In many transactions, employees and directors share in the proceeds of the merger and escrow. For simplicity, we will just refer to employees below, but a similar analysis may apply to other individuals, including board members. Most paying agents will not process payments that are treated as employee compensation. They are not set up to handle employee withholding, payroll tax payments and W-2 tax reporting. As a result, paying employees their share of sale proceeds in a merger can be confusing. When distributions are made at closing (or later on due to escrow releases or earnouts), some employees receive their payments through the escrow/paying agent while others receive payments from the buyer or a payments administrator that has the capability to process such payments, and still others receive payments from both. To add to the confusion, some employees get 1099-Bs while others receive W-2 tax forms, even after they leave the selling or buying company.

Why?

It depends on how the employee received his or her shares or if the payment is from some form of bonus program. If an employee is a shareholder who either purchased shares or received shares and executed a Section 83b election, then any merger-related payout generally is considered an “investment.” Those employees usually receive payments through the paying/escrow agent, and the proceeds are reported on 1099-B tax forms.

In contrast, if an employee received restricted stock and did not make an 83b election, or exercised vested options (or net-exercised) at closing, then any receipt of funds is usually considered “compensation”. As is true of other employee compensation, it generally is paid via payroll and reported on the W-2 tax form, even if the individual is no longer an employee of the company when the payment is made. Finally, in some transactions, employee options are cancelled at closing in exchange for a right to receive cash or may participate in a management incentive bonus plan. In both of these cases, the payments are also considered compensation.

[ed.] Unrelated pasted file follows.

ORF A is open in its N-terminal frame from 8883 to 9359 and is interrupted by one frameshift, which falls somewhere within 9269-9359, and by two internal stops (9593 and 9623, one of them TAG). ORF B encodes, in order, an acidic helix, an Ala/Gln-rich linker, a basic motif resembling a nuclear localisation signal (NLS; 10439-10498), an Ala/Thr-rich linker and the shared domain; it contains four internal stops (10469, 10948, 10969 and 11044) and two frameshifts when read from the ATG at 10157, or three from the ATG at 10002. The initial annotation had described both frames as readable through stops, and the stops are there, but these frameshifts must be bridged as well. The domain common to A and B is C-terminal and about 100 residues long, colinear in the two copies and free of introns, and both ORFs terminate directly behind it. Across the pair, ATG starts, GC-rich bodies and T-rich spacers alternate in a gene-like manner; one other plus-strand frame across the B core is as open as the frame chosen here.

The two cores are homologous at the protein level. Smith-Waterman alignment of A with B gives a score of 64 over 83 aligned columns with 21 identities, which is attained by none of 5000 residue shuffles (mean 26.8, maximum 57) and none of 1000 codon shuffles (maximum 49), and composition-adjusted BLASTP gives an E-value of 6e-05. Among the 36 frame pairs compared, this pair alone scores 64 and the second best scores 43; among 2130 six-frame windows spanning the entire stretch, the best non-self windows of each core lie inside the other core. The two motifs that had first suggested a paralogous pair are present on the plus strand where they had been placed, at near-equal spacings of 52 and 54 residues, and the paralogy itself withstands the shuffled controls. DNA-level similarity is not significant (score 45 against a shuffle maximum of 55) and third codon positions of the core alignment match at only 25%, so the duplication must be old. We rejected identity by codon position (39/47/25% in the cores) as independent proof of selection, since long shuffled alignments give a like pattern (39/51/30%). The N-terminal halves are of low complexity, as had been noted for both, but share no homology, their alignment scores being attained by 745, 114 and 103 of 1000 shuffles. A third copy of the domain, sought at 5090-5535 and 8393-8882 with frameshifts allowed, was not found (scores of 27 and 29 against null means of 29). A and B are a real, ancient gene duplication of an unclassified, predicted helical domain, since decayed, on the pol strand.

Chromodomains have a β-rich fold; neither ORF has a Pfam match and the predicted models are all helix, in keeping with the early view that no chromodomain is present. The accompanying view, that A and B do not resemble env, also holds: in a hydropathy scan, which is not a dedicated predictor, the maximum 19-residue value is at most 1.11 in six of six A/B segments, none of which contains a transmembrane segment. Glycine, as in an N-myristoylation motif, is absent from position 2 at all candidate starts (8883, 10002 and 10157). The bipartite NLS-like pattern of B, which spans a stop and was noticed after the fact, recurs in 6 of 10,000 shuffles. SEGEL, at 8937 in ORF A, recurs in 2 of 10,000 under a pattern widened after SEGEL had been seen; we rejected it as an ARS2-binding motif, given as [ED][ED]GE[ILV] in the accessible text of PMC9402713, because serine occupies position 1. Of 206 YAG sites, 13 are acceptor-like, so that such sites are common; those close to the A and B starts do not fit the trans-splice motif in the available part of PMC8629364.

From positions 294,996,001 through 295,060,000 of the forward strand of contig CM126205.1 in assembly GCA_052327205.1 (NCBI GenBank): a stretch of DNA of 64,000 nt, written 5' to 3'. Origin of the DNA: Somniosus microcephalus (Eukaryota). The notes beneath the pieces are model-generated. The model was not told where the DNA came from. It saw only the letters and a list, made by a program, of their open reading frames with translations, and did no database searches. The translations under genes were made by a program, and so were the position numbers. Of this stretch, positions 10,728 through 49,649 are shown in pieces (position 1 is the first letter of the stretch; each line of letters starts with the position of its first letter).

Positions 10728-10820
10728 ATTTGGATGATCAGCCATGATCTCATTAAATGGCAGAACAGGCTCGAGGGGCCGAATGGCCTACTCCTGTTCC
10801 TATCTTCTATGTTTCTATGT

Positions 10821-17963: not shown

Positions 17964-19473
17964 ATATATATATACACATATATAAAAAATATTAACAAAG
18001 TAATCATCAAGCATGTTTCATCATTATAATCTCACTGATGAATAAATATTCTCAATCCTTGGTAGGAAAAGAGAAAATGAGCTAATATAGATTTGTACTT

Because of this distinction, shareholder representatives and company buyers need to be aware of the proper tax treatment for each employee participating in escrows (and other deferred payments of merger consideration), and ensure that the routing of funds in the merger and escrow agreements is correct and reported on the appropriate tax forms. Typically the proceeds needing to be treated as employee compensation will be routed back to the surviving corporation or to a specialized employee payments administrator for payment, while all other payments can be made by the escrow or paying agent.

The parties should also consider the economic implications of the classification of the payment to the merged company. As a general rule, compensation is subject to employer payroll taxes, while capital gains or losses are not.1 The parties to the merger should be cognizant of the appropriate tax treatment because it could be more expensive for a buyer to pay the purchase price if a portion of it is to be treated as wages. In that case, the parties should ensure that this is properly contemplated in the agreements. SRS Acquiom has seen transactions in which the buyer submitted an indemnification claim for its employer payroll tax obligations, alleging that it constituted an undisclosed liability. Some claims for employer payroll taxes will be submitted even when no such obligation exists because it was assumed that such payment must be treated as compensation. To avoid these problems, the parties should carefully consider who is being paid in the merger, determine how to classify those payments prior to closing, and negotiate the economic deal regarding any related tax payment obligations prior to closing.


1 SRS Acquiom notes, however, that compensation related to a disqualifying disposition of options might not be considered wages for the purposes of federal tax withholding and employer payroll taxes.

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